Those who follow prospects in any way at all should be familiar with Hunter Renfroe. He is a former first-round pick and a top 100 overall prospect the last two years. He was also MVP of the Pacific Coast League last season, mashing to the tune of an .893 OPS with 30 HR and 105 RBI. It marked the third out of four minor league seasons in which he totaled at least 20 HR and 75 RBI.
This hardly seems like sleeper material, but the fact is that Renfroe's current ADP may be way too low. Rookies are hard to trust in fantasy drafts, but if you're looking for upside in the power categories, Renfroe may trump some bigger names that are being selected ahead of him.
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Minor league stats aside, Renfroe enjoyed his first cup of coffee in the majors toward the tail end of last season. Padres fans enjoyed it quite a bit too, as they saw the Futures All-Star light up big league pitching in his 11-game stint. Renfroe collected 13 hits in 35 at-bats (.370 AVG), while smashing four homers and driving in 14 runs.
He showed good discipline for a slugger as well, striking out just five times. That means his 11.1% HR% and 13.9% K% were almost identical. For perspective, Kris Bryant toted a 5.6% HR% and a 22.0% K% in his MVP 2016 season. Of course, Bryant played much more than 11 games, so it is misleading to make too much of these limited statistics for Renfroe.
Small sample sizes are often the death knell of many a fantasy team. Miguel Sano pulled this trick on us last year and he was an even higher-rated prospect than Renfroe. The difference is that Renfroe isn't swinging for the fences every time, but is more prone to contact. Sano was a .257 hitter in the minors, whereas Renfroe hit .281 over four minor league seasons, including averages of .333 and .306 in 2014 and 2015. Renfroe could stand to take more walks, so leagues that use OBP and/or points leagues that include walks may lower him just a bit in their rankings. This type of upside is hard to ignore, however, given his recent track record and clear path to playing time.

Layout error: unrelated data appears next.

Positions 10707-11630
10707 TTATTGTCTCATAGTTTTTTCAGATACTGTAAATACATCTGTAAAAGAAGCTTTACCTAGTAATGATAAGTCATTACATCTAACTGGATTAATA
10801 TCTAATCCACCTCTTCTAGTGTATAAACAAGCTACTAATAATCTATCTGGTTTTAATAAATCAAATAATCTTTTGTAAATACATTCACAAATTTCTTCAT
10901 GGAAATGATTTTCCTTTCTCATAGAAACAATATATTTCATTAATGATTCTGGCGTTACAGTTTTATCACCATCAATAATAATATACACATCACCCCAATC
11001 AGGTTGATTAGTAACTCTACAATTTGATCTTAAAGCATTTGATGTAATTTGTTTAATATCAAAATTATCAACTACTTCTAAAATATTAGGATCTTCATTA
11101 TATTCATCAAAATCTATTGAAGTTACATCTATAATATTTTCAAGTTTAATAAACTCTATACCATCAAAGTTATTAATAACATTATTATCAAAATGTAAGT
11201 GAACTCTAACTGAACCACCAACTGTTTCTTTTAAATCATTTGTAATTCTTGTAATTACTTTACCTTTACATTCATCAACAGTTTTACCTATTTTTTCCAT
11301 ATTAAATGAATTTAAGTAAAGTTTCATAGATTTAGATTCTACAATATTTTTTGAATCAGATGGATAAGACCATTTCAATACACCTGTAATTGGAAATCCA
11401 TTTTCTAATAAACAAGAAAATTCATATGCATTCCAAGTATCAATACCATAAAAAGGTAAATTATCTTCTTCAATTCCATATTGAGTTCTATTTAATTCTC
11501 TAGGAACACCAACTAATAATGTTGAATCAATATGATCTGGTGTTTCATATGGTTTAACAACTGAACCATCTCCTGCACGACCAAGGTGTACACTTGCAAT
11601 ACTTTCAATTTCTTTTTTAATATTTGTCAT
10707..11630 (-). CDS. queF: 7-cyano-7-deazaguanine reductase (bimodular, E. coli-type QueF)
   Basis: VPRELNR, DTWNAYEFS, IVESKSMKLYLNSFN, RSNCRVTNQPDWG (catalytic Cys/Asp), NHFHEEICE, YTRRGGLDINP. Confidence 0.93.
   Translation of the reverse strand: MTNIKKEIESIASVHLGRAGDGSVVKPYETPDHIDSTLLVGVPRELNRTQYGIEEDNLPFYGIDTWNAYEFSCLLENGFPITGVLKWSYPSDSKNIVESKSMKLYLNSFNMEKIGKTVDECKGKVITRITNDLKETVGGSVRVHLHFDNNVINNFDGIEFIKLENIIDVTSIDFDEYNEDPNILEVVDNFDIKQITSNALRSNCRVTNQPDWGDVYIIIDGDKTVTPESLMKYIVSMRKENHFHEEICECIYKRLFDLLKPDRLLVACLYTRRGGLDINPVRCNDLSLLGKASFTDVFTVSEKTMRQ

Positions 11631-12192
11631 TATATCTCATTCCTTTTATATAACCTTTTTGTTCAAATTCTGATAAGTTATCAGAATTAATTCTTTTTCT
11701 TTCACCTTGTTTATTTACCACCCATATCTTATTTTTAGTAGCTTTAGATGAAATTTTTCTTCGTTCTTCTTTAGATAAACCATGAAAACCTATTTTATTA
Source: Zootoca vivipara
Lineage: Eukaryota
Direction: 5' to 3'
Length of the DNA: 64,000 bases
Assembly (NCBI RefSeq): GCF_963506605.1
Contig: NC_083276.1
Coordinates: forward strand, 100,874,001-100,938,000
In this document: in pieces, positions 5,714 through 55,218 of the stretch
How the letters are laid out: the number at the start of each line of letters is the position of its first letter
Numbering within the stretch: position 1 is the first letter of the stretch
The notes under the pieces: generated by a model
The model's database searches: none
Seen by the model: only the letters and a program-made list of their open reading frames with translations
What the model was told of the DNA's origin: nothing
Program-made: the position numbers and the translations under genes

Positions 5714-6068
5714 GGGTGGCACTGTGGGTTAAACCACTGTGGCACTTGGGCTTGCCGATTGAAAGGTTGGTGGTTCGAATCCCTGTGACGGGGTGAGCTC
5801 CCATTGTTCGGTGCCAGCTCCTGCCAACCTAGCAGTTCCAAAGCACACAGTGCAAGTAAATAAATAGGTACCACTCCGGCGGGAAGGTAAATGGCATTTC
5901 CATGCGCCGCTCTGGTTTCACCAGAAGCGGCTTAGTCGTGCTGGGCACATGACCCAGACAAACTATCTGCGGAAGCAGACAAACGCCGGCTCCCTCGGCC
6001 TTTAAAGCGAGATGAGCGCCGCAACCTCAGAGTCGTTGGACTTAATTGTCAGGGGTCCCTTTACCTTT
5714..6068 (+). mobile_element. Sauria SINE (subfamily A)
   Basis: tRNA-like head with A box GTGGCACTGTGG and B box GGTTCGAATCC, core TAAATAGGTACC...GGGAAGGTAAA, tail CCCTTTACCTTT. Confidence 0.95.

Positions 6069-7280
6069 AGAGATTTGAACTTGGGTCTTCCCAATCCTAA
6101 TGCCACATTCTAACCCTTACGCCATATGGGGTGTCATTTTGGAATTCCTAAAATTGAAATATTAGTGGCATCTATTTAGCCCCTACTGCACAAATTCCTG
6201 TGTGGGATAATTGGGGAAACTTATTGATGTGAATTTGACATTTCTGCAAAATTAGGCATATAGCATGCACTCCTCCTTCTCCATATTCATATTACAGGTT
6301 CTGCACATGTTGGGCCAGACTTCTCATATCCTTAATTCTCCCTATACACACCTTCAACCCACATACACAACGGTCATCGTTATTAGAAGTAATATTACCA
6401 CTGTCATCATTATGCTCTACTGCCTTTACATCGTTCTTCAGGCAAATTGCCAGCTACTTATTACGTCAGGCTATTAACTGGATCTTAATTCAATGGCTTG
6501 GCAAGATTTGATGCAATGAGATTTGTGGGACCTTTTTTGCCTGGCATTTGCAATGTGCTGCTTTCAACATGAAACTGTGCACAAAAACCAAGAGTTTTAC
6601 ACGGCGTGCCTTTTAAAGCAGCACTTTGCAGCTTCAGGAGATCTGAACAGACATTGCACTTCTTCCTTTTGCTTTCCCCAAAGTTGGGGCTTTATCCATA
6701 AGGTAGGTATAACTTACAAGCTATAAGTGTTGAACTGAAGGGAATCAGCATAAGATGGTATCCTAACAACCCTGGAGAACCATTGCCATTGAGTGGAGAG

Early data from NFBC rankings indicate that Renfroe is the 55th outfielder taken on average, with an ADP of 236 overall. Players taken just ahead of him include Max Kepler, Randal Grichuk, Yasiel Puig and Joc Pederson. Once you get past the first few tiers, there is risk involved with any pick. After a torrid stretch, Kepler fell hard and ended the season hitting .235. Grichuk didn't fare much better, with a .289 OBP and a temporary demotion to the minors at one point. With two full seasons under his belt, Pederson is a .224 hitter with 311 strikeouts.
Renfroe comes with a bit of uncertainty, but he projects for a much higher average than all those players with the potential to match or surpass their power numbers. Chances are that a prospect like Renfroe would be valued much higher if he were playing in a big market rather than San Diego. Renfroe shouldn't just be valued highly in keeper leagues. He has a legitimate chance to be a solid fourth outfielder in re-draft leagues for 2017.
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